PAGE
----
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407 Cuts Wildlife Corridors


Using Pipes instead of bridges severs
traditional movement corridors for people,
fish and wildlife.

Rouge Stream before Road Construction.

Rouge Stream during Road Construction.

Too Many Culverts, Not Enough Bridges

The 16 kilometre (km) eastern extension of the Highway 407 only bridges several of the 27 Rouge, Petticoat and Duffin's Creek wildlife corridors between Highway 48 in Markham and Brock Road in Pickering.

Twenty Wildlife Corridors Cut

The remaining 20 streams and wildlife corridors have been severed and buried in long pipes beneath the highway, creating dead-ends for pedestrian, bicycle and wildlife movement.  

The private international 407 consortium used culverts instead of bridges. This decision saved private money but it will increase public costs in the long term.

Costly Deer Car Collisions Increase

During one month in the fall of 2003, more than five deer-car collisions occurred. Wildlife are being killed, human lives are being endangered, traffic jams are being created, and insurance and health care costs are soaring.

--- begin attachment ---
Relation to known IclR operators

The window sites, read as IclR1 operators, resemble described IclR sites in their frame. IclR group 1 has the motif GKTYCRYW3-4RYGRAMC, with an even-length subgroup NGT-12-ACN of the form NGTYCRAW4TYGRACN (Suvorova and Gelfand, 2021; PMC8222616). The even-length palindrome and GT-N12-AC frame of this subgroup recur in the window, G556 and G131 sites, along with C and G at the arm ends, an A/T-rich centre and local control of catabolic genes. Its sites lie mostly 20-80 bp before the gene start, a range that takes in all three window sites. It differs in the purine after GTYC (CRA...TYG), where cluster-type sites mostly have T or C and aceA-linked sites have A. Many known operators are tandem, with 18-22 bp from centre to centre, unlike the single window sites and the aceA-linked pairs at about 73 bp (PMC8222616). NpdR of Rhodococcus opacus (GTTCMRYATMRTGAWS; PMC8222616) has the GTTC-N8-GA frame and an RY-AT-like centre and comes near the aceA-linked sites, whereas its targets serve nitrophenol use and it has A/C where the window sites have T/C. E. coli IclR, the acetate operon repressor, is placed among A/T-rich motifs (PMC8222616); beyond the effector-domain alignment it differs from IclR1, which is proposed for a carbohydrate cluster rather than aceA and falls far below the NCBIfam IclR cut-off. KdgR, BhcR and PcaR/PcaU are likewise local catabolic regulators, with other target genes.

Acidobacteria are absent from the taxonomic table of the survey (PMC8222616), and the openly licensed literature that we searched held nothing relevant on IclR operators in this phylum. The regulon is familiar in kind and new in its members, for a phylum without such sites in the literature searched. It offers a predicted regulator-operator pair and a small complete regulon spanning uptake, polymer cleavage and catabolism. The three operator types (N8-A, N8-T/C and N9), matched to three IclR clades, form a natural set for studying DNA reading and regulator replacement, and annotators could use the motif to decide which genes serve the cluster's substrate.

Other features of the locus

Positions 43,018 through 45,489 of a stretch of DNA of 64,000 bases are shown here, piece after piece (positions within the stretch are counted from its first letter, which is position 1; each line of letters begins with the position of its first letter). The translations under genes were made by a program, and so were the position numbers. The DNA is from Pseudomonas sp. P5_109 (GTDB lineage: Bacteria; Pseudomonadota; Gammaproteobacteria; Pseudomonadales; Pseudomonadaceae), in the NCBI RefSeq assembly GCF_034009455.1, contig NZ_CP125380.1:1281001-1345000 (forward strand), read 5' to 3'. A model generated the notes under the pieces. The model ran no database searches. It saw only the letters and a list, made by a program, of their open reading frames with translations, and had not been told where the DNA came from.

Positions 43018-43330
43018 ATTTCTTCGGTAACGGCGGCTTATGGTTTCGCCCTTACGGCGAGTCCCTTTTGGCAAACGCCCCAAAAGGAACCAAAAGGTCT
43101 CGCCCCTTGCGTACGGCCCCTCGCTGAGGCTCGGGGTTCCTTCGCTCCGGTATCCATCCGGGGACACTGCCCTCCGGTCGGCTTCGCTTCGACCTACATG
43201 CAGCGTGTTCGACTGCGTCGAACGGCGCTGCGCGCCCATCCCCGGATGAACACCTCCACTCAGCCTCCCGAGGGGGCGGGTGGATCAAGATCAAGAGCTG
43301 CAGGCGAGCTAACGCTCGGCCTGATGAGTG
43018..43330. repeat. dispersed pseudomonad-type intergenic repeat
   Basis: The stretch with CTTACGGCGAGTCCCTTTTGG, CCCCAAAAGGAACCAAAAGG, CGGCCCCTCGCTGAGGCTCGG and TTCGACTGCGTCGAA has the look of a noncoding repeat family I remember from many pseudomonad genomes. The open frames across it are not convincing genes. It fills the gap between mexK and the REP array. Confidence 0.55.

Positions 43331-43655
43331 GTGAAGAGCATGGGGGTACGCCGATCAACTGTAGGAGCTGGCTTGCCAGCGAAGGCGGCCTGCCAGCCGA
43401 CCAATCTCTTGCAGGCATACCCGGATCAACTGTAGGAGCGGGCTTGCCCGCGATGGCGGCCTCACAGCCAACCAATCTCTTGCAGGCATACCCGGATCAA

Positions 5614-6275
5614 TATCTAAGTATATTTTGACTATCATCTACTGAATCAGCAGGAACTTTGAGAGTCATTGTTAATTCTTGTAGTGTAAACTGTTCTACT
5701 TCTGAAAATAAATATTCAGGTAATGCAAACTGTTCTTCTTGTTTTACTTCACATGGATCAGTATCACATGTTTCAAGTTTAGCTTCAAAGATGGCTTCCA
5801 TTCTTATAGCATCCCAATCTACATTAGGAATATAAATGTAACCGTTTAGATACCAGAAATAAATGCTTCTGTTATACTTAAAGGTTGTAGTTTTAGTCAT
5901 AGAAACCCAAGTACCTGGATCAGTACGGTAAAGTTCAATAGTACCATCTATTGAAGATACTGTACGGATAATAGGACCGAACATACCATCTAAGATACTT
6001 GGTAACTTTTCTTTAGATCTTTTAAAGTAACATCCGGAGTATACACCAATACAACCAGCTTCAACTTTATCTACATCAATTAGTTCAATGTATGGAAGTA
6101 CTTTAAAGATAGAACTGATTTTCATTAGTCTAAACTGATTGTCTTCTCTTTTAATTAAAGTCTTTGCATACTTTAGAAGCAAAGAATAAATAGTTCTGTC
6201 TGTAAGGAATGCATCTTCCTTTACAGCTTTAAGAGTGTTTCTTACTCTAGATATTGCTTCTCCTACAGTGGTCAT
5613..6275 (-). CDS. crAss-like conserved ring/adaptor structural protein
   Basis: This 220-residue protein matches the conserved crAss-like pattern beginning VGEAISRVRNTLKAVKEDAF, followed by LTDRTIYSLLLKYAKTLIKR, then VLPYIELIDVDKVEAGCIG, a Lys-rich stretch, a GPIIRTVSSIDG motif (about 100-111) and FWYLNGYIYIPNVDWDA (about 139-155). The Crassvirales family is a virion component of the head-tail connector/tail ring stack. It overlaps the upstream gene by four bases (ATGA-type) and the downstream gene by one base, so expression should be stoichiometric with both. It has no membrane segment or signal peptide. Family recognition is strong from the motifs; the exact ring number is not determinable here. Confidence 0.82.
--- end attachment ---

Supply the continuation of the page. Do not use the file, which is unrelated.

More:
Additional bridges are needed to allow the safe passage of people, wildlife and fish along the north-south stream and wildlife corridors that Hwy 407 and other GTA roads and highways cross.

Why build bridges instead of culverts?

1.  Avoid costly and potentially deadly collisions between hikers, bicyclists, deer and traffic;

2.  Protect linkages and movement between upstream and downstream fish and wildlife habitat;

3.  Allow safe movement along trails linking the Waterfront Trail to the ORM & Cross Canada Trail;

4.  Plan ahead to avoid the need for costly and disruptive retrofits to re-establish safe corridors;

5.  Avoid the creation of "islands of green" that cannot sustain their beauty or biological diversity.

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